Once all of the cleaner has been mopped up and removed – the shine properly returns, after a gentle buffing with a soft cloth. A microfibre towel is the best for this – one of the plush fibre kind – anything with loose fibres risks getting snagged beneath the sharp edges of the flaked chrome. Although raised – these flakes are still quite firmly attached, and if any strands of cleaning cloth get caught behind – they can be diffficult to remove. Care also needs to be taken around the logo badge. It’s tempting to poke a sharp fingernail or something around there, to clear out any remaining residue – but take care not to mark the chrome, or lift the edges of the badge. I actually use the pointed end of a sharp bamboo skewer wrapped in a little bit of paper towel. Using the point of the skewer against the sides of the badge, and the paper-wrapped side against the shell, seems to work well enough. Most of the pressure exerted is sideways, against the edge of the badge.

Cleaning the cast hoops. Signs of corrosion and oxidation

I’ve got two sets of die-cast hoops to clean up, and choose from for this restoration. The first set is the pair that originally came off the 1974 snare. They’re showing their age a bit more than the shell, and there are signs of pitting in the chrome, over most of the surfaces. Most of the dirt and grime is trapped around the lug flanges, and this should clean off relatively easily – although there are a few areas on the snare side hoop, where the chrome has flaked, corrosion has set in, and an oxidised build up has crusted over the surface. There are a couple of similar spots on the batter hoop – but this is in generally better condition, although there is quite a visible scratch on the rim edge.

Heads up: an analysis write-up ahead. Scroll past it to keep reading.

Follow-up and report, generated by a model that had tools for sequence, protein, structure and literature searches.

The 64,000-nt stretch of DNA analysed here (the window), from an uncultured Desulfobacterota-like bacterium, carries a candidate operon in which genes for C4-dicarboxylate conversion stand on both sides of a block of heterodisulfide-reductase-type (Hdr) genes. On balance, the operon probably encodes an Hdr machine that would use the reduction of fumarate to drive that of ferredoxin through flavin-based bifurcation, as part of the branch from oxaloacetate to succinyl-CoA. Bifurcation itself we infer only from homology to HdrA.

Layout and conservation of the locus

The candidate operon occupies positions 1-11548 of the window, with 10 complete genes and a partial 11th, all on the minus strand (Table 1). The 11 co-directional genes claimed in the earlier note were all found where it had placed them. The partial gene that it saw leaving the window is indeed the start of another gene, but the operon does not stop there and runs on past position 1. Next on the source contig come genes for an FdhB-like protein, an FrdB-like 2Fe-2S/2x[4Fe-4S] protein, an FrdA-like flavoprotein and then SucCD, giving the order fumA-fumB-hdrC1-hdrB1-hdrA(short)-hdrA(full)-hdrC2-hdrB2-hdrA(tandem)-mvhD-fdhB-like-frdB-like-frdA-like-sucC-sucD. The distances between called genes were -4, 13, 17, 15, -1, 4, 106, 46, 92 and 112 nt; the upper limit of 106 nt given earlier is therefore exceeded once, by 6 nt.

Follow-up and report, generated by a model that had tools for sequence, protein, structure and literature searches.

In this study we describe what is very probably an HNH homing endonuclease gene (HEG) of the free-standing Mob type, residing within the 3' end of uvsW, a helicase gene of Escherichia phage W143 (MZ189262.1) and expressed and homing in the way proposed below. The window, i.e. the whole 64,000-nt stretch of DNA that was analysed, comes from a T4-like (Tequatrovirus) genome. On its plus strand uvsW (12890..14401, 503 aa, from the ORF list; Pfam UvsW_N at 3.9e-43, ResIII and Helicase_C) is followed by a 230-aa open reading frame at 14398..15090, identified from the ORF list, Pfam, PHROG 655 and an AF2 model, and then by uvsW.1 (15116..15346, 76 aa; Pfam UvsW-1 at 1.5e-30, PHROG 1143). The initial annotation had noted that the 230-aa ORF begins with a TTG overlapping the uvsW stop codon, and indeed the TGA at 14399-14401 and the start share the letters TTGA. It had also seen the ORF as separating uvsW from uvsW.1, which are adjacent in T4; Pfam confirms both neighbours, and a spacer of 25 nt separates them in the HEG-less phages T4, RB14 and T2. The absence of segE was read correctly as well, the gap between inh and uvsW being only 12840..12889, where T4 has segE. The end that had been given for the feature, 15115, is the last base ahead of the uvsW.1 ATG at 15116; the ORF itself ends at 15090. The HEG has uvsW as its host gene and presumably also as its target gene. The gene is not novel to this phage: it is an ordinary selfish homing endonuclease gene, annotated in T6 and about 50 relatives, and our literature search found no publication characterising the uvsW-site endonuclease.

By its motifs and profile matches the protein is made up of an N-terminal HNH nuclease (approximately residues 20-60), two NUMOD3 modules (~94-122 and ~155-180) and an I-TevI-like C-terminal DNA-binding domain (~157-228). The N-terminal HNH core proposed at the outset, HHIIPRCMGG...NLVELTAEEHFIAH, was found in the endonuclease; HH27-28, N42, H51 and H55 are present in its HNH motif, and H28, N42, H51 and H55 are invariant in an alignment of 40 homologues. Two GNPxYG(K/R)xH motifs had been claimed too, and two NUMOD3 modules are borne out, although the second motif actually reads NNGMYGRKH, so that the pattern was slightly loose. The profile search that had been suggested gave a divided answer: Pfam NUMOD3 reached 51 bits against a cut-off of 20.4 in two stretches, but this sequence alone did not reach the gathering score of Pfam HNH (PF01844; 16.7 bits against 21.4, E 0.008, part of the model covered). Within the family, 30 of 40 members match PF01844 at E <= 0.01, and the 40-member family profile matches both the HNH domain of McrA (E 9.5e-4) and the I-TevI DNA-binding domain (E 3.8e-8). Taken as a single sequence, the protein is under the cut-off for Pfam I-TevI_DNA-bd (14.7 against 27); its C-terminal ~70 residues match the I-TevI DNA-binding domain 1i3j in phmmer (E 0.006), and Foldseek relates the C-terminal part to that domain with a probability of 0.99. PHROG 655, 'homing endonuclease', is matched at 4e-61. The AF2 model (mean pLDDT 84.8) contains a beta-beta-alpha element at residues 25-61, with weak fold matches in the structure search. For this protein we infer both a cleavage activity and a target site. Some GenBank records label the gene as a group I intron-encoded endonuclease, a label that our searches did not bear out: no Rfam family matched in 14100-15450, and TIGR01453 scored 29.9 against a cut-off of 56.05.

I have a second set of hoops, obtained separately – and these are in a similar condition, although there aren’t any corroded spots, and the top hoop is scratch-free. Of the two sets – these are in “better” condition, but I’ll clean both pairs up, and select the most appropriate set for the re-build. (Condition isn’t everything. As long as both hoops are functional – then a little bit of character isn’t necessarily a bad thing on a “restoration”).

Cleaning the cast hoops. Treating areas with corrosion and oxidation